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Plan like a pension fund manager when it comes to your investment portfolio

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GICs, bonds or stocks? What would you have rather held for the last two years?

GICs, bonds or stocks? What would you have rather held for the last two years?

Employees have paid more attention to their pension plans in the last few years due to the financial crisis and volatility in markets. However, volatility made even the brave flinch during 2009. So, just what’s the situation in Canada? And what’s an employee to think these days?

Think sound planning

Careful planning is what drives investments and pension plans forward. When the market dropped in 2009, it rattled a lot of investors, and, of course, we’re all pension holders whether it is through the company we work for or the Canada Pension Plan.

Make volatility your friend

Volatility works for you in the markets if you have a plan. It’s part of investing. Ask any fund manager.

Equity and bond markets can’t go up in a straight line because there are too many interconnected parts to the economy, business and world events. News, especially in an increasingly digitized society moves at light speed, and news impacts on investments. In order to achieve the goals we set for retirement, exposure to the equity markets is necessary. Equities provide the added growth and performance few other assets do. After all, if you held a lot of cash since March 2009 or invested new cash into GICs rather than equities, you’d have gotten simply anemic returns.

Have a look at historical charts

If you pulled your money out of the markets in May 2009 and kept it out, you would have missed out on a 40 per cent return on the S&P TSX 60 Index at its recent peak. On the other hand, pension managers, as markets stabilized, began reinvesting new money into equities at bargain prices. Meanwhile, bond holdings that should be part of every balanced portfolio, accelerated through the market turmoil providing a buffer. The DEX Universe Bond Index returned about 16 per cent from the time the equity markets began correcting to now. Compare that to the average 1-Year GIC returns shown in the chart above – they’re barely recognizable during that time.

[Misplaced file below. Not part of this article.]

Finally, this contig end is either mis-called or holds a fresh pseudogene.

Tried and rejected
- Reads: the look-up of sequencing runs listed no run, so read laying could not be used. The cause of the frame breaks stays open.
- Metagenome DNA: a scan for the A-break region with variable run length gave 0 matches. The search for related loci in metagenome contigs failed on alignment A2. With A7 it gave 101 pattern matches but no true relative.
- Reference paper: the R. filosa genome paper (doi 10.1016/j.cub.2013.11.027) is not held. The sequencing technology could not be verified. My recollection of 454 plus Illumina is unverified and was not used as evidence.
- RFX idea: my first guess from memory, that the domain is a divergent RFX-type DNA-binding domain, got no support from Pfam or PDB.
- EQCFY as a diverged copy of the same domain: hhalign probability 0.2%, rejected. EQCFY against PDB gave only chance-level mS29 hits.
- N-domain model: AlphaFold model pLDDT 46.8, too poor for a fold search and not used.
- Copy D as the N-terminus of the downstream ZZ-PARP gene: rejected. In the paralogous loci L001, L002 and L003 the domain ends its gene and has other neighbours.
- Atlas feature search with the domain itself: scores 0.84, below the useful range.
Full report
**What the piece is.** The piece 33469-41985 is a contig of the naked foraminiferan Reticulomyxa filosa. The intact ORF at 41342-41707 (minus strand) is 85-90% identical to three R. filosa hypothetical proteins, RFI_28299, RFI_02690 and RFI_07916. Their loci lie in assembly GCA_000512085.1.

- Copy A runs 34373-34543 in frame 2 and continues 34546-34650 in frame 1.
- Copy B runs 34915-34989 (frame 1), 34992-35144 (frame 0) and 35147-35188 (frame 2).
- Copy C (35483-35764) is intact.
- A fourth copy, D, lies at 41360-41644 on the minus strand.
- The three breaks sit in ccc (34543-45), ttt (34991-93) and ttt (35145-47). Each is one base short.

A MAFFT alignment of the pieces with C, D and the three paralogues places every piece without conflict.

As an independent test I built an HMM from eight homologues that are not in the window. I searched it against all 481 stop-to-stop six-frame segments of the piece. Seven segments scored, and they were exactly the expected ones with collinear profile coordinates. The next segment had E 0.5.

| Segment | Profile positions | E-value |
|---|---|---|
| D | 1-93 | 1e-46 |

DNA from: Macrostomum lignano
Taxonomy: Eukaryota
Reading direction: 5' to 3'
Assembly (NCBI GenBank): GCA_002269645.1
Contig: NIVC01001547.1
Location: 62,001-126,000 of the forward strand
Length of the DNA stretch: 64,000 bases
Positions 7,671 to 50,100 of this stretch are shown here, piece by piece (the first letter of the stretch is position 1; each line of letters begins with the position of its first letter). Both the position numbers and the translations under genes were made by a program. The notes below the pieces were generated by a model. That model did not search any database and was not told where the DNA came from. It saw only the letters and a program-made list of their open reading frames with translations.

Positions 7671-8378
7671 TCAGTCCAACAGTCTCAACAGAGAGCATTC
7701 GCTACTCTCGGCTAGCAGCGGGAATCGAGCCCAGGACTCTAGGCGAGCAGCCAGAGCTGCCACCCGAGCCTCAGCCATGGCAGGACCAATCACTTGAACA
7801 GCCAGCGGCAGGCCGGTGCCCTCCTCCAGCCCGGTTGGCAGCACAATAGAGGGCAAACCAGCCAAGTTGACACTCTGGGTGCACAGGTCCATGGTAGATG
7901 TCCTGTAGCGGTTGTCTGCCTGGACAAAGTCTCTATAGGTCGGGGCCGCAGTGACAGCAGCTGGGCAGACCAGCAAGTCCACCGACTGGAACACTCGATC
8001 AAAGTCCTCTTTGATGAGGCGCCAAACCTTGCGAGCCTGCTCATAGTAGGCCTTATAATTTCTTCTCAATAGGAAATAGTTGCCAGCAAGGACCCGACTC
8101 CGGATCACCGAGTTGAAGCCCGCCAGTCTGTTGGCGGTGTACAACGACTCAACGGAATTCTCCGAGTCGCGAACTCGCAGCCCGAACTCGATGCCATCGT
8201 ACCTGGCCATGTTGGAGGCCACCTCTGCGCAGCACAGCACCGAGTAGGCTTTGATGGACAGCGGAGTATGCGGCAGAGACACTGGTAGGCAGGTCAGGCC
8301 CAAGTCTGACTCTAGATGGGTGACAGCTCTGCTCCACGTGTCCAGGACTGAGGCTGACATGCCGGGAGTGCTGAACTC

The picture I’m painting is your pension’s doing what it should be as the manager sticks to his plan.

What lesson can the average investor learn?

  •  Get a plan
  • Stick to your plan
  • Remember to reallocate investments

Remember to diversify

Proper asset reallocation on the part of managers forces them to buy assets when they are cheaper, rather than when prices are steep. The average diversified fund manager measures himself against a benchmark that is 55 per cent equity and 45 per cent fixed income. These percentages are reallocated as the portfolio weightings and market conditions change.

The average investor would do well to remember the fixed income component of their plan. A short while ago nobody had anything good to say about bonds but since commodities and the markets have started backing up recently, fixed income is showing us, once again, why it belongs in our portfolios. There’s nothing like some income and fixed income investments that generally rise when equities go down to stabilize a portfolio.

The bottom line is that performance has been excellent since 2009 and in the first quarter of 2011. How would you feel right now if your pension fund manager had been holding a portfolio of GICs exclusively during that period?

Probably, a little sick …

Contrast the 1-Year Average GIC Index return of slightly more than 1 per cent with the above returns on the iShares S&P/TSX 60 Index and the iShares DEX Universe Bond Index since May 09.

While returns are never guaranteed for any asset class, you can bet that over the long-term, stocks and bonds will beat out GICs.

*Note iShares S&P/TSX 60 Index and iShares DEX Universe Bond Index used only for illustrative purposes

Update: The Canada Pension Plan has hit a record, largely by scooping up bargains in the equity markets after the financial crisis and resulting market correction. For more details.

Update: I was gratified to see that a connection of mine, Adrian Mastracci was thinking similarly about investing like a pension fund manager! See article here.


2 Responses

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  1. Very nice post. I just stumbled upon your blog and wished to say that I’ve truly enjoyed browsing your blog posts. In any case I will be subscribing to your feed and I hope you write again soon!

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    October 22, 2011 at 3:43 pm

    • Thanks for subscribing and your gracious comment. Hope you enjoyed my latest.


      November 17, 2011 at 7:19 pm

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